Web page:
The Alliance for Massage Therapy Education (AFMTE) has announced the publication of a position paper entitled, “The Optimal Role of National Certification in the Massage Therapy Field.” Authored by AFMTE Executive Director Rick Rosen, L.M.B.T., this paper is based on perspectives gathered from the education community, conversations with leaders of other stakeholder organizations, as well as a careful analysis of the structure and function of mature professions.
The AFMTE is proposing a dramatically different operational model for the National Certification Board for Therapeutic Massage & Bodywork (NCBTMB). This is needed because the core components of licensure and certification in the massage therapy field have been reversed.
According to Rosen, “Now that we have licensure in most states, entry-level certification has been rendered unnecessary and redundant as a first credentialing step for those coming into the field. NCBTMB now has an excellent opportunity to upgrade and reposition its existing national certification program to a graduate-level credential. This would take the place of its forthcoming National Certification in Advanced Practice, and would provide a solid foundation for future development of a series of specialty certification programs. Certification in specialized areas of practice is a major missing component that the field of massage therapy must have to become a full-fledged profession.”
The paper provides a historical perspective on how national certification for massage therapists came into existence as a voluntary credential in the early 1990s; how its use shifted when the National Certification Examination was adopted by many states as a mandatory test for licensure; and how that landscape has radically changed now that more than 80 percent of massage school graduates are taking the Massage & Bodywork Licensing Examination.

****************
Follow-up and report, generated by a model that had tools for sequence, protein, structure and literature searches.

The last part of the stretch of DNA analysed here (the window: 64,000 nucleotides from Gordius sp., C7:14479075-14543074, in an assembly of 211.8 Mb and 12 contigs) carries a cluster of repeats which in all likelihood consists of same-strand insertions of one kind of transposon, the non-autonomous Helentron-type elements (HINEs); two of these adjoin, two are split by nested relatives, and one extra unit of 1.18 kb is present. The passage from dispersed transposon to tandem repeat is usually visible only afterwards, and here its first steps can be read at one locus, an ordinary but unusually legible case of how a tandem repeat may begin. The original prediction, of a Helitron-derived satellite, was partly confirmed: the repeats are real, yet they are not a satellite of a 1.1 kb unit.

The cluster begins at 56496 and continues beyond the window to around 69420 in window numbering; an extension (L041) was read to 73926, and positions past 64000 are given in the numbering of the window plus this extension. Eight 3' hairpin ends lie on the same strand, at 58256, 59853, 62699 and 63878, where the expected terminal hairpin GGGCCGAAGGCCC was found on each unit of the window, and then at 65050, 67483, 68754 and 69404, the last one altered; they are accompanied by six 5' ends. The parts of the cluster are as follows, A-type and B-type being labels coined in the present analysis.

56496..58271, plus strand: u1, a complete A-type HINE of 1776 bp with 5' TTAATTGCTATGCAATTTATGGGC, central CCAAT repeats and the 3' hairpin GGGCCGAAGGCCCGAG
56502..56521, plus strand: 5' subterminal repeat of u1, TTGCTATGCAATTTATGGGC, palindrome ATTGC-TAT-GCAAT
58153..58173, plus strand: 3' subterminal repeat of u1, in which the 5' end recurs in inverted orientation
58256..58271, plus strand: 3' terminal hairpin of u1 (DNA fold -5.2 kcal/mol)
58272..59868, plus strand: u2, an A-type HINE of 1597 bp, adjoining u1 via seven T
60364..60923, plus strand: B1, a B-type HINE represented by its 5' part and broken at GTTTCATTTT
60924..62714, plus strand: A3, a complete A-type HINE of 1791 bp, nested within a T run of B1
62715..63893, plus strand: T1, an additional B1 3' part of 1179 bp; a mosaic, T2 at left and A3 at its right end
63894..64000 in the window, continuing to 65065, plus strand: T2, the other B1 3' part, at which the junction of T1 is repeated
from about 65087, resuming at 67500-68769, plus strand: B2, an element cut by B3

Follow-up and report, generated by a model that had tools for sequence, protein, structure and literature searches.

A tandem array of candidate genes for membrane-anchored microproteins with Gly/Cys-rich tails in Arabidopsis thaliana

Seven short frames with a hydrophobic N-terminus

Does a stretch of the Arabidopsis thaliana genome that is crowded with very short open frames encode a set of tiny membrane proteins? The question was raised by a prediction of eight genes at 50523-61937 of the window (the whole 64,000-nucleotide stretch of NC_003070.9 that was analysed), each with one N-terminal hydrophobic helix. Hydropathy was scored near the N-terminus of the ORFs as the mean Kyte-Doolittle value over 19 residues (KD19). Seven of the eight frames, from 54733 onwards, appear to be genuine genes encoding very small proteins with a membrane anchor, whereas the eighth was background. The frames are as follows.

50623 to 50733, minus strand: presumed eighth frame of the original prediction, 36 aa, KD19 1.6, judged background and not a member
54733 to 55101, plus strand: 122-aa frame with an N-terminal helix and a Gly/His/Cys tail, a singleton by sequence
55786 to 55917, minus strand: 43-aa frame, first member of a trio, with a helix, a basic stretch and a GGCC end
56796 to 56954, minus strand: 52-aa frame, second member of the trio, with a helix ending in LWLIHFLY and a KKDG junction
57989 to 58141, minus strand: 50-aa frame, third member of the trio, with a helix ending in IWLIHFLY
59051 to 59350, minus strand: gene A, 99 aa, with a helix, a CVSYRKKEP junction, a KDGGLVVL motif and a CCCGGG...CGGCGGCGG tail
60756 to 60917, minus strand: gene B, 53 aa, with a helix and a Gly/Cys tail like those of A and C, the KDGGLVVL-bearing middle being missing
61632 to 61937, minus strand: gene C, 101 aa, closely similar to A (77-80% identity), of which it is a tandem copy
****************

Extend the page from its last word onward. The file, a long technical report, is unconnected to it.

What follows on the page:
As AFMTE is interested in solutions that both benefit its members and advance the field as a whole, a three-step reorganization plan for NCBTMB is outlined at the end of this document. In addition to the changes recommended for the structure of certification itself, the NCBTMB is being encouraged to sunset its approval program for continuing education providers–and adopt the new CE approval program being developed by the Federation of State Massage Therapy Boards in collaboration with the AFMTE. Once in place, this new single-source program will provide a unified system for the approval of both CE courses and providers.
The position paper may be downloaded from the AFMTE website at www.afmte.org/wp-content/uploads/2011/05/AFMTE_May2011_Role-of-National-Certification.doc.
About the AFMTE
The Alliance for Massage Therapy Education is the voice, advocate and resource for the community of massage therapy schools and educators. It serves the entire education sector–from entry-level training programs through post-graduate studies. The national headquarters of the Alliance is located at 1760 Old Meadow Road, Suite 500, McLean, Virginia 22102. The phone number is (703) 506-2888, the general office e-mail address is firstname.lastname@example.org and the website is www.afmte.org.